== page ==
The High Street Dar­win­ism


Lux­ury, brands, re­tail ther­apy, en­joy­ment are the words one would gen­er­ally as­so­ciate with high street re­tail­ing. For the city of Ahmed­abad, high street is syn­ony­mous to Chi­man­lal Gird­har­lal Road (com­monly known as C.G. Road), a prime shop­ping street in the heart of the ur­ban fab­ric. It was in the mid-1990s that C.G Road in­tro­duced Ahmed­abad to the con­cept of branded goods, an at­tribute re­flect­ing glob­al­i­sa­tion. Pepe Jeans London, Le­vis, United Col­ors of Benet­ton, etc., were among the first in­ter­na­tional play­ers on the C. G Road strip and their en­try seem­ingly had given Ahmed­abad a make-over.

To­day the road is ef­fer­ves­cent with shops cater­ing to all pos­si­ble con­sumer seg­ments. Yet, it echoes the no­tion on which the re­tail in­dus­try thrives -- change. Change is the crux of re­tail evo­lu­tion. It is through con­stant change that C.G Road has be­come what it is to­day. Meet­ing global stan­dards is the goal set by re­tail­ers and C.G Road by virtue of its lo­ca­tion pro­vides them the plat­form to strive to­wards their goal. On the other side of the river, the same city has an en­tirely dif­fer­ent re­tail story to tell. Or is it that dif­fer­ent? Ini­tial ob­ser­va­tions may con­vince us to per­ceive both the re­tail sys­tems to be poles apart. But ob­serv­ing the deeper un­der­tones of the sys­tems may lead us to a dif­fer­ent con­clu­sion. The con­cept of ‘bazaars’ is the old­est form of re­tail­ing known to mankind. It is a term coined for a mar­ket hav­ing a street of shops/stalls where goods and ser­vices are sold. The old city of Ahmed­abad is home to many such mar­kets; Rani no Ha­jiro, Teen Dar­waja, and Dhal­gar­wad are a few high­lights. Th­ese mar­kets have func­tioned in a sim­i­lar fash­ion for ages and will con­tinue to do so. Their charm lies in the essence of tra­di­tion and they are well aware of that. They set the first stone to the idea of shop­ping on a street; which is the main idea be­hind high streets that we see to­day. The con­cept of win­dow dis­plays can also be traced to the bazaars where prod­ucts meant to at­tract are placed in per­fect view of the cus­tomers walk­ing on the street. The style of pro­mo­tion for bazaars was to shout out prices and of­fers when a cus­tomer comes near the stall. With the ad­vance­ment in the re­tail in­dus­try and tech­nol­ogy as well, the pro­mo­tion style has dived into the sub­tleties of hoard­ings and me­dia ad­ver­tise­ments for high street re­tail stores, but the old style is still preva­lent in the bazaars in the old city. Maybe, it is a sim­ple ex­am­ple of ‘Old habits die hard’. C.G Road as a high street has its base con­cepts linked to an­cient bazaars and also in­cor­po­rates newer sys­tems which sat­isfy a con­sumer as be­ing rooted to tra­di­tional meth­ods while on the path of achiev­ing in­ter­na­tional re­tail stan­dards. The fact that the ever evolv­ing high street and the an­cient bazaar sys­tem co-ex­ist in the same city pushes the re­tail in­dus­try to­wards progress with a con­stant re­minder of its roots. As an al­ter­nate view­point, the high street may be an evolved form of the bazaar, but both have dif­fer­ent cul­tural con­no­ta­tions. There­fore, they may co­ex­ist in the same city but have sep­a­rate cul­tural zones. Cul­ture is the rea­son why the high street aims to reach higher and higher lev­els of evo­lu­tion and cul­ture is the rea­son why the old city mar­kets pre­fer to op­er­ate in the same way. But it is the preva­lence of both which paints the city in its di­verse colours.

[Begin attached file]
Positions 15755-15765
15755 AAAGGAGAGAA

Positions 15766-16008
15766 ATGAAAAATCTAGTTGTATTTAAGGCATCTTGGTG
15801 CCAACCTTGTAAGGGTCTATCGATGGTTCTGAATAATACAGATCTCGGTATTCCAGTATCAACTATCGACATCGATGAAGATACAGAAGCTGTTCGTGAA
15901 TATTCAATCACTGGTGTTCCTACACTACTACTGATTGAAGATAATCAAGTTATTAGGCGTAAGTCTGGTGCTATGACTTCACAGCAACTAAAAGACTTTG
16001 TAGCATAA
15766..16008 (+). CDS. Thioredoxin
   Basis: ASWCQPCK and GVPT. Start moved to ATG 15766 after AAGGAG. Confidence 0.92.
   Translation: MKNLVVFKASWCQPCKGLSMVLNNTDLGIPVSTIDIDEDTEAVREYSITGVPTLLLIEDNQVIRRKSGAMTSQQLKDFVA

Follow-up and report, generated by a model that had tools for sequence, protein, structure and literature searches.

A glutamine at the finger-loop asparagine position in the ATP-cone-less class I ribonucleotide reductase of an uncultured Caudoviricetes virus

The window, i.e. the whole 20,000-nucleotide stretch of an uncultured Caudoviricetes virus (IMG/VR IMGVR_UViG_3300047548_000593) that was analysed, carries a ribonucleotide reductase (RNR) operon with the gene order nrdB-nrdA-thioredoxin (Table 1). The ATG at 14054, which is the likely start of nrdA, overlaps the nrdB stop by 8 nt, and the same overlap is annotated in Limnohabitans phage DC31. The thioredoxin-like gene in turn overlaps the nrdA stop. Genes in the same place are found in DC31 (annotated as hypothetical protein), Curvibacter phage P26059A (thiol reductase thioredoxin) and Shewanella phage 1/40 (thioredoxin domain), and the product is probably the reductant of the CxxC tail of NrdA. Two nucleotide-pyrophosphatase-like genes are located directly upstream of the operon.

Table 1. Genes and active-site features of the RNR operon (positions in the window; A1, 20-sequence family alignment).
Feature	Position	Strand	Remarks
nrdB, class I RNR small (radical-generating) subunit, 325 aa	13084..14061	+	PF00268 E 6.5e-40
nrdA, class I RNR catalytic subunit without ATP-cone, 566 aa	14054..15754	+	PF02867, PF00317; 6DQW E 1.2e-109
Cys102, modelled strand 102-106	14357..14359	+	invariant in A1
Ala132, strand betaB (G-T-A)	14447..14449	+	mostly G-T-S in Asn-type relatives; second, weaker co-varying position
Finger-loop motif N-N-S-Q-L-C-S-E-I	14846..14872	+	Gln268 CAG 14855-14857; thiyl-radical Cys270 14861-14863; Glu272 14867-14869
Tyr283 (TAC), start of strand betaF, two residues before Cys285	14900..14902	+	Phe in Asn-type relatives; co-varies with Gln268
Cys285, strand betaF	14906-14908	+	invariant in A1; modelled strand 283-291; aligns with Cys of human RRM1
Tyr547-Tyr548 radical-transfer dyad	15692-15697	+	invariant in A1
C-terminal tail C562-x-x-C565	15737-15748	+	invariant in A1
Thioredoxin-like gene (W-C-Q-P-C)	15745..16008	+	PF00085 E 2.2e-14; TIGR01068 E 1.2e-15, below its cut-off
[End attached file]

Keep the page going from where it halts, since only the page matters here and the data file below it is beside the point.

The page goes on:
Mansi Lavsi

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